Sustainability and Mobility: Dr. Allan Yang Leads Innovative U-Haul Research Study

Throughout his career, U-Haul Chief Scientist and Sustainability Officer Dr. Allan Yang has diligently worked to highlight the Company’s foothold as an international leader in sustainable business practices.

From repurposing U-Haul truck van bodies into spacious self-storage containers, to crafting adaptive-reuse policies that transform pre-existing buildings into U-Haul stores, Yang has championed numerous sustainability-related projects.

Dr. Allan Yang

Recently, Yang and a team of scientists in Golden, Colo., carried out a pivotal research study that will positively impact how local government officials and other decision-makers perceive U-Haul in their communities.

These scientists are part of the National Renewable Energy Laboratory’s (NREL) Center for Mobility Sciences, which focuses on discovering and devising creative answers to today’s most pressing mobility-related challenges. The NREL is one of the National Laboratories, a collection of prestigious research institutes that the U.S. Department of Energy (DOE) oversees.

By gathering and analyzing U-Haul customer data from four of the most densely populated cities in the U.S., the team confirmed what U-Haul has long declared: that our products and services are essential —including during a pandemic — and that they promote sustainable behaviors among the general public.

Mobility is Nobility

To gather data for the study, Yang and his fellow scientists worked with U-Haul Digital Marketing to create an online questionnaire that customers could complete after sharing a U-Haul truck or trailer. The questionnaire primarily focused on customers’ motivations for moving during the COVID-19 pandemic, as well as the details of their moving experiences.

What Yang and his team learned was that while COVID-19 case numbers were a factor in some customers’ decisions to move, it was far from being the only — or even the primary — reason.

“The majority of people who responded to the questionnaire chose ‘lower living expenses’ and ‘better employment opportunities’ as their primary reasons for moving,” Yang stated. “This was highly interesting, because it signifies that the majority of people use U-Haul to move to what they consider to be ‘better lives’ for themselves and their loved ones. This happens independent of other forces which may be in play.

“U-Haul provides low-cost resources, including our shared trucks and trailers, that help people overcome whatever location-based barriers are preventing them from living successful lives. Therefore, by making physical and social mobility more possible on a grand scale, U-Haul fulfills one of society’s most basic needs. We want communities to understand that their local U-Haul dealerships and stores are vital parts of the public infrastructure. These customer responses demonstrate that this is the case.”

A Sustainable Service

In a time when federal and local governments are focusing more on sustainability than ever before, Yang and his fellow scientists discovered compelling evidence that U-Haul locations are more environmentally beneficial than first meets the eye.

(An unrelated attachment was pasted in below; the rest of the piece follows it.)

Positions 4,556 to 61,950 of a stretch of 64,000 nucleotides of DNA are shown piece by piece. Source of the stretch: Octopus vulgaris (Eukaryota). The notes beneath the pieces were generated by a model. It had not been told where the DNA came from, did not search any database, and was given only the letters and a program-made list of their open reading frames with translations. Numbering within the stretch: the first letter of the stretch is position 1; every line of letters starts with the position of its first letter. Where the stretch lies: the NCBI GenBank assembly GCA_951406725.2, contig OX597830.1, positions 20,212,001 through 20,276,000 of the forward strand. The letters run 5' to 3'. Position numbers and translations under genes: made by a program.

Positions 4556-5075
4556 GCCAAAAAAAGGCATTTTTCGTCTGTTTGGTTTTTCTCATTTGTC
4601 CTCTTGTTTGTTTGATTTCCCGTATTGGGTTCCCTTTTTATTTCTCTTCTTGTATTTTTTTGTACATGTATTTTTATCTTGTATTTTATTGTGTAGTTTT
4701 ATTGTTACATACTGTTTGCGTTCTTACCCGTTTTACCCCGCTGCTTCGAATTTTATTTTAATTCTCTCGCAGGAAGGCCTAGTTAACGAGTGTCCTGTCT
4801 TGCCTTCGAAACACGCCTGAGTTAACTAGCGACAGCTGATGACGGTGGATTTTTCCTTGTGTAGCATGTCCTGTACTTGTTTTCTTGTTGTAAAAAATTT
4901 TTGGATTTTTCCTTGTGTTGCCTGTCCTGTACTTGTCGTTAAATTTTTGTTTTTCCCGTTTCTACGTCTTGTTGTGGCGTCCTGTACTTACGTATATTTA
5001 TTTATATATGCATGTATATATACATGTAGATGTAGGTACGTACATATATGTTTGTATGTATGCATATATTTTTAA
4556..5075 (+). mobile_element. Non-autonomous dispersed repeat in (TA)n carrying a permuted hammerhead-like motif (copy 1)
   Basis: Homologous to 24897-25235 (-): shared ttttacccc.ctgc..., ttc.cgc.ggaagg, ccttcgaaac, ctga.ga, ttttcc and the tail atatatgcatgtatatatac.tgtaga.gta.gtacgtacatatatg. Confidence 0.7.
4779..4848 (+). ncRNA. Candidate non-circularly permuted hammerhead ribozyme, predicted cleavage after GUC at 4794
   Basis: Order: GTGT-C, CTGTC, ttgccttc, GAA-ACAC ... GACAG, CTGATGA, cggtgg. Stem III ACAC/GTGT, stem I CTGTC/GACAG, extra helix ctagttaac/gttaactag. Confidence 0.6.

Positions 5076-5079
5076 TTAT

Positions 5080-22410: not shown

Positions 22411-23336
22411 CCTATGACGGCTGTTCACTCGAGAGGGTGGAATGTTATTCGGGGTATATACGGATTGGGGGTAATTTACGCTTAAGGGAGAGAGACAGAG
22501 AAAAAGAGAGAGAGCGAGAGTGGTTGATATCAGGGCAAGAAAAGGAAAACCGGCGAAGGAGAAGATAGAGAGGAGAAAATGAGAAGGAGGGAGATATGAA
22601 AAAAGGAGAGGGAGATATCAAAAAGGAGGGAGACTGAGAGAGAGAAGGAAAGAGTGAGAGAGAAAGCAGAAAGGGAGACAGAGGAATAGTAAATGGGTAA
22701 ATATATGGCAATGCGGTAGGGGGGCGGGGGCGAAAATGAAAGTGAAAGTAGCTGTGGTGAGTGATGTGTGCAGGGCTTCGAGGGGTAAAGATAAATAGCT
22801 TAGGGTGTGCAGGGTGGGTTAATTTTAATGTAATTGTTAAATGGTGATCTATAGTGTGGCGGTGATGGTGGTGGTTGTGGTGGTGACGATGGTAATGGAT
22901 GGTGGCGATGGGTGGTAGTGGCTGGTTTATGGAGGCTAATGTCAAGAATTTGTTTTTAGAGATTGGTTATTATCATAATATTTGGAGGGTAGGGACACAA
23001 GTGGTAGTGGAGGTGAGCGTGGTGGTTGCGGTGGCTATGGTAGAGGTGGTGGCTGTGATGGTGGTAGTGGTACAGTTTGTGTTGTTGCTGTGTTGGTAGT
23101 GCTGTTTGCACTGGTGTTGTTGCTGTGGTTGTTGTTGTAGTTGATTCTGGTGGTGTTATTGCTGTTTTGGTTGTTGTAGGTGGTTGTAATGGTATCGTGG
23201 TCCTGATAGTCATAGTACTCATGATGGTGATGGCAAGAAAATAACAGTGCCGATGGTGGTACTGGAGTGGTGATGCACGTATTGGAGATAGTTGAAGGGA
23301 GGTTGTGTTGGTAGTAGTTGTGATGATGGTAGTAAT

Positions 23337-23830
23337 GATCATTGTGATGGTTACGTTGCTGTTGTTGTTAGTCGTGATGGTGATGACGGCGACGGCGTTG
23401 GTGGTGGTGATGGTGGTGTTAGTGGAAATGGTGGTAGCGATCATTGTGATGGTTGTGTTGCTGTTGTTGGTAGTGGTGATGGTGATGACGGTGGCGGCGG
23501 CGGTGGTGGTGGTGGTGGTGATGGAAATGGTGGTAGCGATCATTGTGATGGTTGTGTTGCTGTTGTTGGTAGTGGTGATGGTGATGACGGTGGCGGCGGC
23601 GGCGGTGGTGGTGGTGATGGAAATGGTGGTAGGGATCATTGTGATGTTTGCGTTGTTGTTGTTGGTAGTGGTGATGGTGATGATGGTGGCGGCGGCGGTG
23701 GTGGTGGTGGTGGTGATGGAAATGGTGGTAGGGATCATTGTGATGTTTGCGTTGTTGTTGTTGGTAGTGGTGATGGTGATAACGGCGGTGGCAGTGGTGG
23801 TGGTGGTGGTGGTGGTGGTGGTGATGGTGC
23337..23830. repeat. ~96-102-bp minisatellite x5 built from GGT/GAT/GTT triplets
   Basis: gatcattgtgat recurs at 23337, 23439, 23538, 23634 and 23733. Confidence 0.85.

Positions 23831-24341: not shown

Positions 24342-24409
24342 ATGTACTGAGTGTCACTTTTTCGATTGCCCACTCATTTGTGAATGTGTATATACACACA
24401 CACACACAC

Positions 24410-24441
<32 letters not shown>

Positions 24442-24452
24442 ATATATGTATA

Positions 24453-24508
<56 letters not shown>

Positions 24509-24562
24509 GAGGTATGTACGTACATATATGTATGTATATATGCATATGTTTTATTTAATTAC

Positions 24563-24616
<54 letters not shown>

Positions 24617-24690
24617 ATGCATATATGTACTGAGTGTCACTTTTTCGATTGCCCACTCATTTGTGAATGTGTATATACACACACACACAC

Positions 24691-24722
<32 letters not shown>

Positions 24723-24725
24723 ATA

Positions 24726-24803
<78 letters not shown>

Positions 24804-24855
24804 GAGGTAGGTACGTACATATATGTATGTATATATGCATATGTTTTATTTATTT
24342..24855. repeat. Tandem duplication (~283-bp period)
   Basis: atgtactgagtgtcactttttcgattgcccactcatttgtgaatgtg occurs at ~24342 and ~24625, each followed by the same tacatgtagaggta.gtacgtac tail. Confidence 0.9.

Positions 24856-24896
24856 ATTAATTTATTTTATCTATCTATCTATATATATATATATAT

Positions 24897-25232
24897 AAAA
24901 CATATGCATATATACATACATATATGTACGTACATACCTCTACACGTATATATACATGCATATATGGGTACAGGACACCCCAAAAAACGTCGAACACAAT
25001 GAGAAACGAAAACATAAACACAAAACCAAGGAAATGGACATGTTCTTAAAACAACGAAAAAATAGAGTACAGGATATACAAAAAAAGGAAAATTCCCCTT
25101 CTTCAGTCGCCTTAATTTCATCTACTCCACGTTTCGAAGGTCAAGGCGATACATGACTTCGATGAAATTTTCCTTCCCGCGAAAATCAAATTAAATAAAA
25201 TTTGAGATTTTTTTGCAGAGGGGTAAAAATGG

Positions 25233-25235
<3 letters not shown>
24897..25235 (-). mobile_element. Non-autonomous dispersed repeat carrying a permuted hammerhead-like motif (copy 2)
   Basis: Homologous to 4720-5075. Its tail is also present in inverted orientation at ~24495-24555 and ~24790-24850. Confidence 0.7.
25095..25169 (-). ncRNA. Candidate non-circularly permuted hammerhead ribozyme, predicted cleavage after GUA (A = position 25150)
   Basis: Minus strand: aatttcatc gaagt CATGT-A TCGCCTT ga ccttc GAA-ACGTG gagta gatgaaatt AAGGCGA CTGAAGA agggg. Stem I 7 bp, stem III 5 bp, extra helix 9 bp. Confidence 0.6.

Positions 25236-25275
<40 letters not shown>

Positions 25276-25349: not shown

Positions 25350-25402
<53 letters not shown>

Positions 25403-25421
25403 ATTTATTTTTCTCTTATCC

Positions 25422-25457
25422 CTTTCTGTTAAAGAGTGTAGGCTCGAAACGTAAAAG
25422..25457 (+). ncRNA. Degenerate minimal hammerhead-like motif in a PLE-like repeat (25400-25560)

CLICK HERE to learn more about U-Haul Corporate Sustainability

“One of the main things that we discovered in this study is that, contrary to some misconceptions, U-Haul customers typically use alternative forms of transportation to get to and from our locations, rather than their own vehicles,” Yang added. “In the questionnaire, the majority of customers we surveyed wrote that they carpooled with others to arrive at a U-Haul store or dealer. Public transportation options, including subways and buses, also ranked very highly among respondents.”

According to Yang, these questionnaire results prove that U-Haul stores and dealerships thrive in almost any location, including those with minimal space for customer parking.

“One incorrect idea that some government officials put forth is that U-Haul stores and dealers shouldn’t be located in transit-oriented development (TOD) zones,” Yang said. “These TOD zones are areas that are typically located within a short distance of public-transit stops, such as subway and bus stations. Most of the time, they are filled with businesses and residential areas that are pedestrian- and cyclist-friendly, to encourage people to explore the area without using their personal vehicles.

“Vehicle-rental and self-storage businesses are usually prohibited from operating in TOD zones, because of the assumption that people typically drive their personal vehicles to and from these businesses. Thanks to this study, U-Haul has the evidence to show this is not the case. Even before our customers arrive at our stores and dealerships, they are engaging in sustainable, environmentally friendly behaviors like carpooling and taking public transportation.”

Sharing the Study

Ever since the study’s completion, Yang and the NREL team have worked to broadcast its results. The study was presented at the 2022 International Conference on Transportation & Development and received an extremely positive response.

Yang encouraged all U-Haul Team Members to use this study when collaborating with local governments on U-Haul construction projects.

“Government officials want transportation methods that are sustainable and affordable,” Yang said. “Because of that, our field teams can point to this study and show how we easily meet what they’re looking for, from our low-cost business model that fulfills people’s moving needs, to the sustainable transportation that people use to travel to and from our locations.

“U-Haul is proud to be an affordable and sustainable community resource, and we hope that this study allows people outside of U-Haul to fully appreciate that.”

What's New